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Usability Tools

5 years ago 5 min read

3 Ways to Use Heatmap Software to Understand Your Visitors


Usability Tools

Whether you have an online bike shop or sell SaaS services, these three easy tools can help you to better understand your visitor’s behavior. Use this knowledge wisely and you may be surprised how simple mouse tracking analytics with heat map software can help you to improve your business.

People Won’t Read Your Content

Well, at least not all of it. We all know the basic truth that people scan through websites without paying much attention to the message, especially if it’s in writing. Research shows that the average attention span of an adult has decreased from twelve seconds to just eight in the last 13 years! Yes. Eight. This means no tiptoeing around to get to the point. Your visitors need to take in the message and act within just eight seconds or they move forward. How can you hold their attention for longer?

One: Make the letter F Your Favorite

Nielsen Norman Group did eye tracking research on how visitors scan content. Using heatmap software they prepared a heatmap based on visitors’ eye movements and discovered that most people share a reading pattern whose shape brings to mind the letter F.

F-shaped Pattern; source
F-shaped Pattern; source

The first two paragraphs have become the ones people most likely will read and then their attention goes bye-bye. How can you use this knowledge when preparing your message?

  • A good headline should catch people’s attention and deliver your message instantly
  • No long text paragraphs – unless you want to get your visitors to become discouraged more quickly
  • Use bullet points and lists
  • Information first – cut out long descriptions

If you don’t have the equipment to conduct eye tracking research, don’t worry. You can use heat map software online to achieve a similar effect and check Nielsen Norman Group’s theory. Tracking visitor mouse movements might be a great way of gathering customer experience metrics for your business. Easy to conduct remote user testing research like this can help you to create a heat map analysis and patterns for your visitors.

Two: Flip the View

Once you’re done with mouse tracking analytics and heat map software, you may want to view your results from a different perspective. The F-shaped pattern shows exactly where your message catches the visitor’s attention. This may be a little misleading, especially if you start to focus on creating F-shaped content.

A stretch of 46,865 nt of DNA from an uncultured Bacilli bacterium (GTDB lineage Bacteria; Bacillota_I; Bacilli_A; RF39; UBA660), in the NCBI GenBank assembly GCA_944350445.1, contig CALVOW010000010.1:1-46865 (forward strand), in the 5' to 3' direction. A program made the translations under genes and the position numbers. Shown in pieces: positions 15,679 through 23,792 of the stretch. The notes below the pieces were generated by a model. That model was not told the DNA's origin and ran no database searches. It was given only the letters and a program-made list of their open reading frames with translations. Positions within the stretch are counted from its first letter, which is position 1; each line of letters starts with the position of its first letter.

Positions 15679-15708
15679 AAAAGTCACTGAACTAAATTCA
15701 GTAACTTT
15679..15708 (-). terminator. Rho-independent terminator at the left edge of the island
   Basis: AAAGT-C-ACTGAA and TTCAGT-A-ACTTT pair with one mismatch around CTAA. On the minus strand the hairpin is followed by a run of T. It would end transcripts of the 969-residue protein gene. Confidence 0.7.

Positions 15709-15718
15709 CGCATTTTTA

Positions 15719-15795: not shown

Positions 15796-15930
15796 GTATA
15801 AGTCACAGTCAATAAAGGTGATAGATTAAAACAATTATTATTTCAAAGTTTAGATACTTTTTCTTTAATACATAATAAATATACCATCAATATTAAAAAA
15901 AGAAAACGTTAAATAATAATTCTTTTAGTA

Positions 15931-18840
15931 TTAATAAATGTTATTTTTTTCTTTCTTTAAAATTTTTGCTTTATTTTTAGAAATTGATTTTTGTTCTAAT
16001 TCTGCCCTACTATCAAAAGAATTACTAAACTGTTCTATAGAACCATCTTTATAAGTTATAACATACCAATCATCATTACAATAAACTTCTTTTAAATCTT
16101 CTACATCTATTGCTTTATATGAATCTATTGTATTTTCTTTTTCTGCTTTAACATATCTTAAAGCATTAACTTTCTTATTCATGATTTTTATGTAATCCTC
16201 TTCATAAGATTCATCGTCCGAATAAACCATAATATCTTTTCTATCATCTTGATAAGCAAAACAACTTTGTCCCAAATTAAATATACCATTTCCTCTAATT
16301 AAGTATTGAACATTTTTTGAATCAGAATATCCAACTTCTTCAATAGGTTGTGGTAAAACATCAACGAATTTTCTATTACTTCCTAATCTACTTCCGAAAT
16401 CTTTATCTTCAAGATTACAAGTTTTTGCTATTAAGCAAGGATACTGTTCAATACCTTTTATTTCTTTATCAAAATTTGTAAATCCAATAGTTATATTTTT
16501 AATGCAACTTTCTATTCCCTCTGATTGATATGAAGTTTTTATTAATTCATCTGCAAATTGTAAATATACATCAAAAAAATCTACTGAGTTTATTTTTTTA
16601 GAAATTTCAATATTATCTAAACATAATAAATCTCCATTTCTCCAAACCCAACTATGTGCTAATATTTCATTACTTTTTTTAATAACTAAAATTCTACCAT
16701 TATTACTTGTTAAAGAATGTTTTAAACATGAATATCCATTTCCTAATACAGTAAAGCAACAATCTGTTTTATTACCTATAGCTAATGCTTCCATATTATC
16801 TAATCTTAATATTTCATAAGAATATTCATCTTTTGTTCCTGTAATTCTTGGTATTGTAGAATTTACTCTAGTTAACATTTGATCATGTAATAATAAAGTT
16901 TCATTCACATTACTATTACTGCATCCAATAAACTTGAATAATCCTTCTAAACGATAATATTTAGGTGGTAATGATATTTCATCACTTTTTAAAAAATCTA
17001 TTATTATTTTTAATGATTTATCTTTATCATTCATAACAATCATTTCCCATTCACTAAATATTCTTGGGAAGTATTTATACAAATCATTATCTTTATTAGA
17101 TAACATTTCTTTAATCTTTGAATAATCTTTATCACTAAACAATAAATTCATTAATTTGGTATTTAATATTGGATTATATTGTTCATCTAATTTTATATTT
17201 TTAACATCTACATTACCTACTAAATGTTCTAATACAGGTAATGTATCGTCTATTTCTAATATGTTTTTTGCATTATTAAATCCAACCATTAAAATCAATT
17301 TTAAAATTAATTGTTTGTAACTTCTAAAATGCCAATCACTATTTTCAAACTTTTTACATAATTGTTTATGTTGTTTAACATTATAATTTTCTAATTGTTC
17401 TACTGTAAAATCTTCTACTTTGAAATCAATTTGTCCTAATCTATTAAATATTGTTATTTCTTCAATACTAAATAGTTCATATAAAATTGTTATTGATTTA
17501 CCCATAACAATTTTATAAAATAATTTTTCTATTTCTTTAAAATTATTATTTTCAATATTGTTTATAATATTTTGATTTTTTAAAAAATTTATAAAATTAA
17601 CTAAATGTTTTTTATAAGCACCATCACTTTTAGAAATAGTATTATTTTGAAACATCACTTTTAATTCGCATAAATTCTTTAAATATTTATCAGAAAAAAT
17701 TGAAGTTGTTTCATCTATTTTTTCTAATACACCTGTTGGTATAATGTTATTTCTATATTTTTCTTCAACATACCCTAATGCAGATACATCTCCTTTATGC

Have you ever stopped to wonder exactly what it is that visitors see? A great tool to help you see through your user’s eyes is the reverse heat map. This tool is somewhat underestimated but when you stop to think about it, it’s actually a better indicator of what stays in your visitors’ minds after they scan your website.

Black field shows what is blank for visitors; source:
Black field shows what is blank for visitors; source:

Looking at the examples above shows exactly how much space on your website gets wasted by unread content that didn’t even attract visitor attention. Good UX design should be targeted on creating websites that are useful and not just a waste of your cyberspace. How to make better use of your website’s wasted space?

      • Use visuals to fill in space, make a point and enhance the message (see this study on how good images boost conversion)…
      • …or just simply switch your text message to a visual content
      • Use reverse heat maps to determine wasted space and fill it in with smart call to actions
      • Use contrast to tell the story and help visitors understand the message

Three: remember the 80/20 rule and wing it the smart way

Other research by Norman Nielsen Group on scrolling and attention have revealed that even if users scroll your page, they will give 80% of their attention to the content above the fold. Surprisingly, NNG have conducted similar research a couple of times spread over 15 years which shows this is a pattern that doesn’t change – no matter how advanced the UX design knowledge gets.

Using a simple heatmap software can show how this theory translates to your website. Using an attention map is a perfect way to determine which content gets the most attention. Adjust it and test which message gets out to your audience.

Content above the fold; source:
Content above the fold
And content below the fold for the same webpage; source:
And content below the fold for the same webpage;

What first comes to mind after becoming familiar with this research would be: put everything above the fold. But it’s not that simple. The space above the fold is limited. Making it too crowded will only reduce the users’ attention span and will draw them away from the message and actions you want them to do.

So above all, make Call To Actions visible at first. But… this may be a bit boring, so what’s the solution?

Surprise your visitors. Consider a parallax scrolling based design. This, of course, takes a certain level of skill and should be well thought out and planned but it can only set your business apart from many others and add value to your service.
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Usability Tools

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